Livonia Latvia Museums

The capital of the charming Baltic country of Latvia is the Jelgava Palace, a well-preserved castle ruin in the Latvian city of Riga. It is famous for being the most interesting place in Latvia and being one of the most beautiful and best preserved medieval castles. With its beautiful architecture, rich history and unique architectural features, it is an ideal place for visiting Latvia and a great tourist destination for tourists.

The capital Riga, which is located on the Daugava, dates back to the second century and has been associated with the Vikings. During World War II, Nazi Germany occupied the city and made it part of the territory that included Estonia, Latvia, Lithuania and Belarus. In August 1940 the country was annexed by the Soviet Union and occupied by the Germans. After the end of the Second World War, in August 1945, Rigsia became the capital of the Latvian SSR under the command of Prime Minister Raimundas Krasnodar.

The First Congress of Soviets of Latvia, which met in Riga on January 13, 1919, proclaimed Soviet power, adopted the first Constitution of Soviet Latvia, formed the first Soviet-Latvian government, and declared Latvia independent. On 3 July 1919, Rigsia Castle became the property of the Latvian state, where the Prime Minister and the State Chancellery were active.

In 2012, the future of the museum was in the air: Will it come back or become even more comprehensive, sensual and inclusive? Soviet regime and castle, we have worked for and continue to work for the restoration of Latvia's independence, but also for the restoration and independence of Latvia. Since 1920, the main exhibition of the museum, "Rigsia Castle: Soviet State Chancellery," has been located in the Castle Museum in Riga, the capital of Latvia and home of the Latvian National Museum.

The museum is housed in a remarkable architectural monument built between the thirteenth and twentieth centuries and has a total area of more than 1,000 square meters.

The construction of the building began in the 18th century, when parts of modern Latvia were under the administration of the Russian Empire under the rule of the Livonia province, which included Riga, Klaipeda and several other towns and villages. This was the capital of ancient Livonia, which at that time consisted of what is now Estonia and Latvia, as well as a number of other cities.

Riga was then under the influence of the Polish-Lithuanian community in 1581 and had the status of a free imperial city. Latvia in general, and Riga in particular, was the center of the national awakening that gradually intensified among Soviet Jews in the 1970 "s. Zionism was particularly widespread among Latvian Jews and Latvia, but forced industrialization and the planned construction of new cities such as Klaipeda, Kaunas, and Krakow changed the demographic makeup of Riga. It was the home of the Betar Youth Movement, which Jabotinsky founded in 1923, as well as a number of other anti-communist movements.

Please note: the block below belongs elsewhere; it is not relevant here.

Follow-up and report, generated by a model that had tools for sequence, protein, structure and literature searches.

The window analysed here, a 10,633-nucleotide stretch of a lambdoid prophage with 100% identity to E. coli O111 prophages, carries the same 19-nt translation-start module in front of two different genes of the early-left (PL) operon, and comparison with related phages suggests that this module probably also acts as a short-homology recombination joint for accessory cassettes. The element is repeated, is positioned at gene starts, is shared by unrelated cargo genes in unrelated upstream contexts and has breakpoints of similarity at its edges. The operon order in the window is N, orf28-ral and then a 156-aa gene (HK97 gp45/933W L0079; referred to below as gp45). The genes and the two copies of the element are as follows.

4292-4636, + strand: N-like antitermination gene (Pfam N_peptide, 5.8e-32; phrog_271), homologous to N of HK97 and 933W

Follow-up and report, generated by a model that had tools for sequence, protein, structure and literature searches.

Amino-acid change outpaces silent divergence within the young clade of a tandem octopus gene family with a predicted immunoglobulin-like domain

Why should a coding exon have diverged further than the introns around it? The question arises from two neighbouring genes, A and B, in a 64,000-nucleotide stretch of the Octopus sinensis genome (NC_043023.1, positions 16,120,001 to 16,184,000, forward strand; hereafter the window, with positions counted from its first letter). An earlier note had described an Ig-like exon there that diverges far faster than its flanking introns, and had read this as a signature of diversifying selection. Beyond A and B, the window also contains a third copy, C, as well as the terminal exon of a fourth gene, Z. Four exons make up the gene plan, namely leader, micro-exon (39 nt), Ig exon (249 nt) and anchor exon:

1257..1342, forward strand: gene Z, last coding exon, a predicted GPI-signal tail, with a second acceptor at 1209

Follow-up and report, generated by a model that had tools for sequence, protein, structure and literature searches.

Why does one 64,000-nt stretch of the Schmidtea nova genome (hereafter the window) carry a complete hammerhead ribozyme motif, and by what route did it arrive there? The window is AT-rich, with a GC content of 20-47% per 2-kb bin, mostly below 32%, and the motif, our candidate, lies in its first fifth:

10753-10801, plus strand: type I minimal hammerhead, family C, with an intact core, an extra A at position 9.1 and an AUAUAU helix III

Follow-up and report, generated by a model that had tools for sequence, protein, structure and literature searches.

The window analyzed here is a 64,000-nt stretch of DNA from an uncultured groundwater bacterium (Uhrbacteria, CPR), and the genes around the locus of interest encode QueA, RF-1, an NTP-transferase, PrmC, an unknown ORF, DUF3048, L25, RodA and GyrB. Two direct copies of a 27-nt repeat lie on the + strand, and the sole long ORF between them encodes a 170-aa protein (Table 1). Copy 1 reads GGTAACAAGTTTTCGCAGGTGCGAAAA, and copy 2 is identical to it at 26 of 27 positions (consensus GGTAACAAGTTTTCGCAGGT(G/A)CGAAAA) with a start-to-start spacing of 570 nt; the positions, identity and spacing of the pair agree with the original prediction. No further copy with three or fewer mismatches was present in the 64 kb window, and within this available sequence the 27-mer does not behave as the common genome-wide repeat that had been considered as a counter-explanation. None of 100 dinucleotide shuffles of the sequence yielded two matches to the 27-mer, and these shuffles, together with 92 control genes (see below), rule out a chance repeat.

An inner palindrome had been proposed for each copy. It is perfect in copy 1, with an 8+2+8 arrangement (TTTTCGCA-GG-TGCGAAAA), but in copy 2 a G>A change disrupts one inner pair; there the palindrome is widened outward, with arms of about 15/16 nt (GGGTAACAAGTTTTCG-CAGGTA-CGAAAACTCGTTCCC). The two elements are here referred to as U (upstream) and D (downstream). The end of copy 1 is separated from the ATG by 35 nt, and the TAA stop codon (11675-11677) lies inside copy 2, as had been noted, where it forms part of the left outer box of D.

The rise of the Latvian bourgeoisie made Riga the centre of a Latvian national awakening, which in turn led to the establishment of an anti-communist movement in the city and the founding of its first political party, RIGA, in 1924.

The railways also enabled Latvians to travel across the country to the first Latvian folk song festival, organised by the Riga Latvian Society in 1873, and to a number of other cultural events.

If you have time to delve a little deeper into the culture of the city, Riga has a number of museums, such as the Latvian Art Museum and the Latvian History Museum. Latvian higher education institutions have also played a significant role in the development of the country's cultural heritage, including the National Museum, the University of Latvia and a large number of other museums.

The museum also keeps medieval documents and documents on Latvian history, which are kept in foreign archives, not to mention private family archives in Germany. The library also has numerous monographs and periodicals on Jewish genealogy in Latvia and the Baltic States. In the 20th century Latvia had one of the largest collections of historical documents in the world: the Latvian History Museum. It consists of documents from the time when Latvia twice fought for its independence, as well as documents about the history of the country, such as maps and maps.

Riga (1927) comprises 111 separate maps and border projections prepared by the Latvian-Lithuanian Border Committee. The collection reflects the history of Latvia's independence from the Soviet Union and its subsequent independence. Riga was seized by domestic and foreign counter-revolutionary forces on 22 May 1919, and from 1919 to 1940 it was the capital of bourgeois Latvia. Latvia survived without them and without its capital, but the library has more than 1,000 hardback copies of documents from Latvia and the Baltic States from that period.

More About Livonia

More About Livonia